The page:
Additional tests were administered to assess executive functioning according to the ability they investigated: Zoo Map test (Wilson et al., 1998; planning and self-monitoring), Stroop test (Barbarotto et al., 1998; response inhibition and self-monitoring), Alternate Phonemic and Category fluency (Cognitive Flexibility/shifting) and Category Fluency (Costa et al., 2014c).
In order to standardize the measurement scales between the different tests, raw scores were transformed into z-scores by considering the means and standard deviations of the HC group.
First, a unique z-score was computed for each cognitive domain (i.e., episodic memory, attention and short-term memory, executive functions, language and visual-spatial domains) by averaging subjects’ z-scores on tests belonging to that specific domain.
Following Koven and Collins (2014), to investigate the possible correlation between BDNF levels and specific components of the executive domain (abstract reasoning/planning, self-monitoring/response inhibition, cognitive flexibility, fluency and working memory), individual z-scores were computed for each executive component by averaging the subjects’ z-scores on the relative tests. Thus, an individual score was obtained for abstract reasoning/planning (total accuracy score on the Zoo Map Test; number of categories achieved on the MCST; accuracy score on the Progressive Matrices), Self-monitoring/Response inhibition (Errors made on the Zoo Map Test; errors made and response times on interference condition of the Stroop test), Cognitive Flexibility (perseverative errors committed on the MCST; accuracy score on Alternate Phonemic and Semantic fluency; Trail Making Test Part B-Part A score), Fluency (Phonemic and Semantic fluency), and Working memory (Digit and Corsi span backward). All z-scores were considered as absolute values so that higher scores corresponded to better performance.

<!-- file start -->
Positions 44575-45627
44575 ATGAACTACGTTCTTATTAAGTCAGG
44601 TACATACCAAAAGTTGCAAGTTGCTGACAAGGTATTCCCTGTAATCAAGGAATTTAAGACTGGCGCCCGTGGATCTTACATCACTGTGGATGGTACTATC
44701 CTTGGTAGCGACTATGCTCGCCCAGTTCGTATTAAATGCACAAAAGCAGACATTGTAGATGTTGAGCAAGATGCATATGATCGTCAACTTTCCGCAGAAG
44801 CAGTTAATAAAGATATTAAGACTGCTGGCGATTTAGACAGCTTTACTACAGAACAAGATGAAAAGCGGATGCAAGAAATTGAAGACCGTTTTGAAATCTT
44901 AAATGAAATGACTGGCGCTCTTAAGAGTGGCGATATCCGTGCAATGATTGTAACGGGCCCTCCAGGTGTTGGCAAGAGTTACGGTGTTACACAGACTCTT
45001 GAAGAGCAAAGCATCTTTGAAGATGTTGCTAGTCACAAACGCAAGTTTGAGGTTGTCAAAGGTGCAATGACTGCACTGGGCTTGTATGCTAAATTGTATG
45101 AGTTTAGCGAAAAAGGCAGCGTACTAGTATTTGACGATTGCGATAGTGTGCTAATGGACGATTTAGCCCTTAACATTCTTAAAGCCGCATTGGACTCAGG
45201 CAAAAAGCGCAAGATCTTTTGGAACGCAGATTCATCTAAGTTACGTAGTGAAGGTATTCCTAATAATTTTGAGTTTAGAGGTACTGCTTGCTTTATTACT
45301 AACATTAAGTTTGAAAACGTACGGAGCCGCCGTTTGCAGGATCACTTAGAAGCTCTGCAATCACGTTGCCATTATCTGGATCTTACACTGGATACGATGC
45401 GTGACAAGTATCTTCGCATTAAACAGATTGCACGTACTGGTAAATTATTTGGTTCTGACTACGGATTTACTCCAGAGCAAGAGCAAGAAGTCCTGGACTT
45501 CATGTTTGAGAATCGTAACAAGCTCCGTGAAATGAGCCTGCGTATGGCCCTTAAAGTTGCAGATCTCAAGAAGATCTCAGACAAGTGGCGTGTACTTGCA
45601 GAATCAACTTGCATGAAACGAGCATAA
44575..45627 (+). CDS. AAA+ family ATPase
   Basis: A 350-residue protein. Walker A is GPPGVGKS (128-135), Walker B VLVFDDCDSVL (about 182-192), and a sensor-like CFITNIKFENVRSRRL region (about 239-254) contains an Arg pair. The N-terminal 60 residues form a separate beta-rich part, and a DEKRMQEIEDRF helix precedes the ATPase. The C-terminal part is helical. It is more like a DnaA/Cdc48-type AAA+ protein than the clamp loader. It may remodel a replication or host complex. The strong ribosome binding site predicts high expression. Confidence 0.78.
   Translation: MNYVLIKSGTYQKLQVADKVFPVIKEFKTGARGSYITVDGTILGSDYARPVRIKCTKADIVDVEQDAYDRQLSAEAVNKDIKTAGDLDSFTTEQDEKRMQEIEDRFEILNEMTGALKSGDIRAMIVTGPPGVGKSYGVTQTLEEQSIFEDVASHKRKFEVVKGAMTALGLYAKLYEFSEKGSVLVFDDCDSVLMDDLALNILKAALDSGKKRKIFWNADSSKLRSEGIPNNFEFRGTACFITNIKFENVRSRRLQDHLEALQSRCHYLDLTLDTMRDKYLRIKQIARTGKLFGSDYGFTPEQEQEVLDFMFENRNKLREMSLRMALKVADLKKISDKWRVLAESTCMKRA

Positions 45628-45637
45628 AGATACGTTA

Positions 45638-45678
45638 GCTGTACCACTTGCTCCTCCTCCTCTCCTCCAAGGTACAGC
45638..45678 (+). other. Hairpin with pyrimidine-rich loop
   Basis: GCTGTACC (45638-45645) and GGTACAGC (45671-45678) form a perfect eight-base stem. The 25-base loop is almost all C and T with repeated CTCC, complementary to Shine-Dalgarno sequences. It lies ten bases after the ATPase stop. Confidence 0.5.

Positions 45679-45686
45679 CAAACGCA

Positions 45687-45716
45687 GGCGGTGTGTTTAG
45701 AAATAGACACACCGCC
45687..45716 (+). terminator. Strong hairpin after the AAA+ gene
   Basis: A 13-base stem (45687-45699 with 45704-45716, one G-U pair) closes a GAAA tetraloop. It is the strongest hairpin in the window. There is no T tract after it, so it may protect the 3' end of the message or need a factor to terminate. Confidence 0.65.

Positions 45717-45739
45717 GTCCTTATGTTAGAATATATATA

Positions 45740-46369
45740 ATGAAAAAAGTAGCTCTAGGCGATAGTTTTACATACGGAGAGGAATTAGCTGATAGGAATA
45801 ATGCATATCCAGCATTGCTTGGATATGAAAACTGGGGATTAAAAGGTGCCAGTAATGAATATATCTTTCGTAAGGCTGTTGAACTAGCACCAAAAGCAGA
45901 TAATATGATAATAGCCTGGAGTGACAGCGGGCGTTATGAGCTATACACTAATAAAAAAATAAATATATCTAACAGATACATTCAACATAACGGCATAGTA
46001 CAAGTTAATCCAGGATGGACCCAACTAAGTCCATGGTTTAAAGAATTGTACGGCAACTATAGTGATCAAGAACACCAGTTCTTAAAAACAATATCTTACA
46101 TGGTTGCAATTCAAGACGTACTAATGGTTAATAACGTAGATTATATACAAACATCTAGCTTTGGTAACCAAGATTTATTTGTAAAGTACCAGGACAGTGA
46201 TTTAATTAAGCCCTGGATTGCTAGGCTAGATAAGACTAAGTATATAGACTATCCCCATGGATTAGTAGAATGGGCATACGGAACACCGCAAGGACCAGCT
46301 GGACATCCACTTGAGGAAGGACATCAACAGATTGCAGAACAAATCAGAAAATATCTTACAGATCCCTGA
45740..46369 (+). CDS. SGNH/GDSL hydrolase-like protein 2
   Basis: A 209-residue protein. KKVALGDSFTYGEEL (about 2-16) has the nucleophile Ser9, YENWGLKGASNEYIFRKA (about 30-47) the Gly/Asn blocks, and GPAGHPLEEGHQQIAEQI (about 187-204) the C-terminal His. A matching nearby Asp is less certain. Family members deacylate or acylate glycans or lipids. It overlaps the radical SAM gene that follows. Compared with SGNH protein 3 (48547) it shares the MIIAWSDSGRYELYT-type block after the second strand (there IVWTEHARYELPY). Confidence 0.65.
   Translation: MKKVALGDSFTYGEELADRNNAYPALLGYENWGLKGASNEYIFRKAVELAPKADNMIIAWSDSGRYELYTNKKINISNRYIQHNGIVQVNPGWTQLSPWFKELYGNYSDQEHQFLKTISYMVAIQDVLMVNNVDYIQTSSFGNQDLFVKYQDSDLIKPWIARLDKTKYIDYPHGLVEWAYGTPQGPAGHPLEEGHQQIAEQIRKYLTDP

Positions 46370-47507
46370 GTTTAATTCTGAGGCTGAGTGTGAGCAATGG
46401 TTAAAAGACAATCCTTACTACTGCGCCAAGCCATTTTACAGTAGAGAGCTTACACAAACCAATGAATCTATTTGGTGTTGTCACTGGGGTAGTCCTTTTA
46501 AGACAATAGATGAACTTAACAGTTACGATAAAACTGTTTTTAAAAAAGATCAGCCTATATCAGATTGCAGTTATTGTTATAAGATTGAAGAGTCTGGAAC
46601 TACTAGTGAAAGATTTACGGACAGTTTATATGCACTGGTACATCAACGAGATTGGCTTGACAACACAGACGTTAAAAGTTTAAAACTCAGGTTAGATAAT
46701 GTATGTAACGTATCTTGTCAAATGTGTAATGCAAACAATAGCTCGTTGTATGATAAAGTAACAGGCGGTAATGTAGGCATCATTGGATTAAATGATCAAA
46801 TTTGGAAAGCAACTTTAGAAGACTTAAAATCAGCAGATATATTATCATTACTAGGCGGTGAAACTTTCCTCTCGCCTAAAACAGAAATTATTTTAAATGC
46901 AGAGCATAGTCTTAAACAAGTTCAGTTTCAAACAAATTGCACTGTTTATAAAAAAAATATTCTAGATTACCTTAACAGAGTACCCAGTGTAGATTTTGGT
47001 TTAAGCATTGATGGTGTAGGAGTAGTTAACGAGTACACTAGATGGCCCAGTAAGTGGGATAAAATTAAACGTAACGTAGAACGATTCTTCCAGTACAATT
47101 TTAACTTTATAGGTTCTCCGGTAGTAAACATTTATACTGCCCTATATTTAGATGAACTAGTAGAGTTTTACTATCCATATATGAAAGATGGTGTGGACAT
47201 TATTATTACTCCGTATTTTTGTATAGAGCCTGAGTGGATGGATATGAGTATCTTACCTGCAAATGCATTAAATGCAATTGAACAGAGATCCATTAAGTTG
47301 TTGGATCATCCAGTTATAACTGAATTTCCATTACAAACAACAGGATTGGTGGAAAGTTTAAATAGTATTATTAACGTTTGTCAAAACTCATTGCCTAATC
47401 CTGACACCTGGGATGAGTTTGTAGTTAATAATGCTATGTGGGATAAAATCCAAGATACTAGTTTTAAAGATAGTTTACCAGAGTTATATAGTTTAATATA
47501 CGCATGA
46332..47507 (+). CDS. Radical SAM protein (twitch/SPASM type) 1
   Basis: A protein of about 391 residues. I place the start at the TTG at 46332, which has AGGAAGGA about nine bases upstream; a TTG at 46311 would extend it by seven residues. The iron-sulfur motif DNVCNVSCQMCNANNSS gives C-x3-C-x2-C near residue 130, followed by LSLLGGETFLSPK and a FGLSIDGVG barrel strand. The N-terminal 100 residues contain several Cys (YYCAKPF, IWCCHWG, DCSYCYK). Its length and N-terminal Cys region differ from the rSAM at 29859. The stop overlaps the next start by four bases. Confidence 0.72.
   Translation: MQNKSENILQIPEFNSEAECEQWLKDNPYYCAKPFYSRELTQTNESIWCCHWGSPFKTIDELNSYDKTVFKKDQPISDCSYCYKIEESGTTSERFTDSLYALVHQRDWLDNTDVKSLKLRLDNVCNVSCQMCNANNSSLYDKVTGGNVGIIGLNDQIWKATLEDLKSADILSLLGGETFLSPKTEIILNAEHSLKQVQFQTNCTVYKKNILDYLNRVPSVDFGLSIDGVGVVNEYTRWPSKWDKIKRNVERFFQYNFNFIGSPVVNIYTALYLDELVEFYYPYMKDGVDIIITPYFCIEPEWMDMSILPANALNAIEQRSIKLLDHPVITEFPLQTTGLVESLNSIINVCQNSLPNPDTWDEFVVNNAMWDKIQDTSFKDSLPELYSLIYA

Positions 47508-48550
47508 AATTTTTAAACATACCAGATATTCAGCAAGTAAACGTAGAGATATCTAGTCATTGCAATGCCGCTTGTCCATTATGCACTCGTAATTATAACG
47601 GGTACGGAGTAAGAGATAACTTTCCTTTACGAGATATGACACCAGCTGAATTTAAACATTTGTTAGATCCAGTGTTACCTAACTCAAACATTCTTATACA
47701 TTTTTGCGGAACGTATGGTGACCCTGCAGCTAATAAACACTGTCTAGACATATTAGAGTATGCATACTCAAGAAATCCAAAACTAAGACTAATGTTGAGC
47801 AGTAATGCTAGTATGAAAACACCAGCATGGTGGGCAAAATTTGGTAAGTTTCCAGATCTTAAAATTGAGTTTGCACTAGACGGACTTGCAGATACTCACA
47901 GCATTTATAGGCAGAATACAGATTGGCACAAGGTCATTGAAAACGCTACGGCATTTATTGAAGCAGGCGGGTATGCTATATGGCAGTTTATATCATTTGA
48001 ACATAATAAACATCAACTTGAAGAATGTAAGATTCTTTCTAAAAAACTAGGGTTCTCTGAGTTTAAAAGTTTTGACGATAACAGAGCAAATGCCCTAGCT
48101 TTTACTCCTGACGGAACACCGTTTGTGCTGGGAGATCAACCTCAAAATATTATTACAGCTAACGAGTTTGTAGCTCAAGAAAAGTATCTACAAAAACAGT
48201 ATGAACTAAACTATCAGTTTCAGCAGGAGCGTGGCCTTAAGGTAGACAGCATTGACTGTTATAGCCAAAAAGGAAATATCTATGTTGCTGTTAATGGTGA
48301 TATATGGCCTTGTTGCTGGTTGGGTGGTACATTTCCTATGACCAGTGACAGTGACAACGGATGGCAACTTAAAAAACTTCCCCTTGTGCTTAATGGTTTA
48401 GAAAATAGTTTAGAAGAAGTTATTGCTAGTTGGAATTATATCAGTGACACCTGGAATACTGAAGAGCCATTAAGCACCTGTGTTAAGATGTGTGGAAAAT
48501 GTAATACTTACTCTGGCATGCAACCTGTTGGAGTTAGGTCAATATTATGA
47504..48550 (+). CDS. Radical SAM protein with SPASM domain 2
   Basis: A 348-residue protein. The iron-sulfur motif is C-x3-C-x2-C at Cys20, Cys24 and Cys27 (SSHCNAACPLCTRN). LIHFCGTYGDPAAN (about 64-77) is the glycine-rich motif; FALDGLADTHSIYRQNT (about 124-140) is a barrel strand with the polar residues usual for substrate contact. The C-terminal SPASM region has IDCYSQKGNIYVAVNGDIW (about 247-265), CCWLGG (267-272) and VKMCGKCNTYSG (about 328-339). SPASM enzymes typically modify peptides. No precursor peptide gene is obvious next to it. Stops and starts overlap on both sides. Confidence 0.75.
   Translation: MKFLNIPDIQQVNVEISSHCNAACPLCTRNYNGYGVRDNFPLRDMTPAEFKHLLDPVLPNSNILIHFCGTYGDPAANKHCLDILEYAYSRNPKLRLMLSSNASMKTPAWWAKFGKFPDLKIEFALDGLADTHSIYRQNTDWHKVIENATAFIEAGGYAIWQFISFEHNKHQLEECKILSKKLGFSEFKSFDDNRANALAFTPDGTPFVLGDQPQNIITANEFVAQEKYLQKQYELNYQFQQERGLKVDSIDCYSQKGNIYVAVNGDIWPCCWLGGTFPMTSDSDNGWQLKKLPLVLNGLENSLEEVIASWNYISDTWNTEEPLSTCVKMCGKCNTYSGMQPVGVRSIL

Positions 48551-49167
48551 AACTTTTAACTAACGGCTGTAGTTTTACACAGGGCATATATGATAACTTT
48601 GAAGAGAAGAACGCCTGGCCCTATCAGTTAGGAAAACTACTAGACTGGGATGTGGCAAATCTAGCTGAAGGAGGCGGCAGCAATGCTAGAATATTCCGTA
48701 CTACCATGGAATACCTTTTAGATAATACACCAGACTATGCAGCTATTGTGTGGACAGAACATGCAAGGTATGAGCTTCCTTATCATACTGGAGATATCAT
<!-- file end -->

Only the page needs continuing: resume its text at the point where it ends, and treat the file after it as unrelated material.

Blood samples were collected between 8:00 a.m. and 10:00 a.m., centrifuged at 2000×g for 20 min and stored at −80°C until analysis (Angelucci et al., 2015).
Determination of BDNF Content
BDNF was detected in sandwich enzyme-linked immunoassay (ELISA; R&D Systems, USA; cat. N° DY248) according to the manufacturer’s instructions as previously described (Angelucci et al., 2015). Wells were developed with tetramethylbenzidine and measured at 450/570 nm and BDNF content was quantified against a standard curve calibrated with known amounts of protein. The detection limit for BDNF was 15 pg/ml. Measurements were performed in duplicate and values are expressed as ng/ml. Cross-reactivity with other related trophic factors (NGF, NT-3; NT-4; TGFβ, TGFα) was less than 3% (Angelucci et al., 2015).